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Depression makes chemotherapy less effective in cancer patients: Study

01-27 | DTC Team

Depression makes chemotherapy less effective in cancer patients: Study

Depression, one of the most serious mental and behavioral disorders, can be a major deterrent to cancer treatment. A group of researchers from Zhengzhou University, China, have linked lower levels of brain-derived neurotropic factor (BDNF) to how a cancer patient responds to the treatment.

The study, led by the Head of Oncology at Zhengzhou University, Yufeng Wu, has revealed that for people battling cancer the effectiveness of chemotherapy can be directly, and drastically, influenced by a patient’s mood. The study results suggest that if a person afflicted with cancer is in a depressed state of mind, it is possible that the response to medication and recovery becomes slower than in the case of patients with a more positive outlook.

Low levels of BDNF affect recovery

Depression, sadness and hopelessness are all emotions that many cancer patients experience. While previous researches have shown the relationship between lowered levels of BDNF and mental health disorders, this study especially focused on investigating if decreased BDNF levels directly affected chemotherapy patients.

The study found that decreased amounts of BDNF, a brain-boosting protein in the blood that helps nerves grow and mature, is responsible for determining the response to chemotherapy drugs. The team studied 186 cancer patients suffering from depression who were asked to self-evaluate their moods before the treatment began. The results were quite surprising.

The most depressed people, with low levels of BDNF, did not respond well to chemo and displayed side effects such as nausea, vomiting and reduction in leucocytes or white blood cells. They even had more frequent and prolonged hospital stays. However, patients with elevated BDNF responded far better to the treatment. Even the number of tumor cells that chemo killed in these people was much higher. Eventually, the severely depressed people lived for an average of 292 days as opposed to the much higher average of 491 days for the mildly depressed patients.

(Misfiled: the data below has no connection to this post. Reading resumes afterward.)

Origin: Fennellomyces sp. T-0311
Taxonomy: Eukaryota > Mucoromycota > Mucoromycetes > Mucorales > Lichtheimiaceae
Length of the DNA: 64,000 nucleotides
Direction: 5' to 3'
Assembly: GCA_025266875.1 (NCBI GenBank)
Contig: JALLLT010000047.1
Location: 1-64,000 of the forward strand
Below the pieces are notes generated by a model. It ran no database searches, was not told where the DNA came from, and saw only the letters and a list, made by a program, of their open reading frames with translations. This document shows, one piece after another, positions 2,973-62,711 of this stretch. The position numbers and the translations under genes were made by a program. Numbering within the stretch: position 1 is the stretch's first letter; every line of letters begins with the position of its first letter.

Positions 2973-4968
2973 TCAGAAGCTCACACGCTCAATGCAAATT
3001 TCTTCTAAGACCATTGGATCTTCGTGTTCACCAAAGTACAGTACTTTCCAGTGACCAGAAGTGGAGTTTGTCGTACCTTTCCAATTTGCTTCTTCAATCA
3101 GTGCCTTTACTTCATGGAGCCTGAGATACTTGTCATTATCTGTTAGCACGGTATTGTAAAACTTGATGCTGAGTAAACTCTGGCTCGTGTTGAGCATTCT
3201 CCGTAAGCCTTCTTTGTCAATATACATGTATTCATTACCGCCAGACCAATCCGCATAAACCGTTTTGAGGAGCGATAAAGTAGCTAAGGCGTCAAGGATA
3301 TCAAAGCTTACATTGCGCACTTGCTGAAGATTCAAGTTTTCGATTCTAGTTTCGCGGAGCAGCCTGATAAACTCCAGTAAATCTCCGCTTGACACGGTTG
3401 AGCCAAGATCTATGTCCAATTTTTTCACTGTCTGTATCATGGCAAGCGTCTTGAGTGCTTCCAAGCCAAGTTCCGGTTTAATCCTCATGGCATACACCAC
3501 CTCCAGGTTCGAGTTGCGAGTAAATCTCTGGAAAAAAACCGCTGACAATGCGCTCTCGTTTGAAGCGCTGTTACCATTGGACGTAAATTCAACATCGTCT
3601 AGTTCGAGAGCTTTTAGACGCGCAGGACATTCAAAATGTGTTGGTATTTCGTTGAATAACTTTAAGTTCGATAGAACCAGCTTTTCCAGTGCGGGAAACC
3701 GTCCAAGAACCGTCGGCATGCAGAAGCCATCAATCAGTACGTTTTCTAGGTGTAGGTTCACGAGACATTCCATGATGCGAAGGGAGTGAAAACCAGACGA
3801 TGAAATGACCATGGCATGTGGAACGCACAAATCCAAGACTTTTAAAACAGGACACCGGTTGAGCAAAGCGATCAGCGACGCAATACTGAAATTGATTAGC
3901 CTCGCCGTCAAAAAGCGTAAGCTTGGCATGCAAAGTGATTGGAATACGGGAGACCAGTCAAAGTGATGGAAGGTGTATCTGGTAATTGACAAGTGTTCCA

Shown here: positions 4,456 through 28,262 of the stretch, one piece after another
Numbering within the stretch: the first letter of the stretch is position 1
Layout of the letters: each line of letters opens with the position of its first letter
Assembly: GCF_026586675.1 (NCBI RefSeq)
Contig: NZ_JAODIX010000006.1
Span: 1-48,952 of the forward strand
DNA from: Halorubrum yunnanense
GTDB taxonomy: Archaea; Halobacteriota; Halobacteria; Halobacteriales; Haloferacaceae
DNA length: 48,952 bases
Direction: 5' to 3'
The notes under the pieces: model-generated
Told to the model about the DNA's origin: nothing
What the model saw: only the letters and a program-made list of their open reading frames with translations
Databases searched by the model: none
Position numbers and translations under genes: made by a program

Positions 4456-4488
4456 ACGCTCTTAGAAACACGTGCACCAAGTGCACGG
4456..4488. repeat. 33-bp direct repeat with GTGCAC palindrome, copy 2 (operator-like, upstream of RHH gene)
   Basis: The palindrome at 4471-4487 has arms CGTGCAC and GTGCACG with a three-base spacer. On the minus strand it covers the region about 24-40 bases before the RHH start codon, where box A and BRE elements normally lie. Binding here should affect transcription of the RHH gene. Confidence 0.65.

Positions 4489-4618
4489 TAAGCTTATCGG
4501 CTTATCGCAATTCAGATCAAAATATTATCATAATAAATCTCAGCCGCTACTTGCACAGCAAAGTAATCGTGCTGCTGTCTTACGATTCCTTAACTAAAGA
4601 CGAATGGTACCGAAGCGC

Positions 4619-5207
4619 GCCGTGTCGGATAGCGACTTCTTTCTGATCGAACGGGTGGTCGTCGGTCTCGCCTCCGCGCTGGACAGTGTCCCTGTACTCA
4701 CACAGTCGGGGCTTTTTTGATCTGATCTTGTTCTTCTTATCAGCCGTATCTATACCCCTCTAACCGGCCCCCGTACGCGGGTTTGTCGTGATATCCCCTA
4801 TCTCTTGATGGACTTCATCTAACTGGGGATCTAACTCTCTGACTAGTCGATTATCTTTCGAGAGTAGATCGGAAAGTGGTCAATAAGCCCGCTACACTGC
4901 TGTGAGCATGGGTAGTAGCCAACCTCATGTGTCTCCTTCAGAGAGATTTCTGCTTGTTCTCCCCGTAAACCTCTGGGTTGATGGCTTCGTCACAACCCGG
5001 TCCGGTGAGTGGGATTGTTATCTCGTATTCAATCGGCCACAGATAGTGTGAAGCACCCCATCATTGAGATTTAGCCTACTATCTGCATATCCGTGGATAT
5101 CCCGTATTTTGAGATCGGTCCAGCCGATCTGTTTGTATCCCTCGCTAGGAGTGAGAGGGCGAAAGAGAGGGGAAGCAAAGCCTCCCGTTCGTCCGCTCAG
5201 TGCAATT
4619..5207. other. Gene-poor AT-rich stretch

Psychological health is important in cancer treatment

The link between depression and poor outcome of cancer treatment is thus clear. Mental wellness plays a critical role in physical health. Improving the mood of cancer patients as well as targeting their depressed states, along with chemo, may well help them survive for a longer period of time.

While Wu and his team examined other factors as well, only BDNF was associated with depression. According to Wu, “It’s crucial that doctors pay more attention to the mood and emotional state of patients. Depression can reduce the effects of chemotherapy.” He went on to say that since the mental health of a patient can even affect how the disease progresses, one can now consider cancer as a psychosomatic illness.

Depression can be treated

Depression can seriously impact a person’s quality of life, lead to other serious disorders, negatively affect ongoing treatment of an illness and even reduce the length of life. However, the good news is that it can be treated. It is important to identify the warning signs at the right time and prevent worsening of the condition.

If you or someone you know is suffering from depression, seek help now from certified medical professionals. Contact the Depression Treatment Helpline of Colorado to know about some of the best


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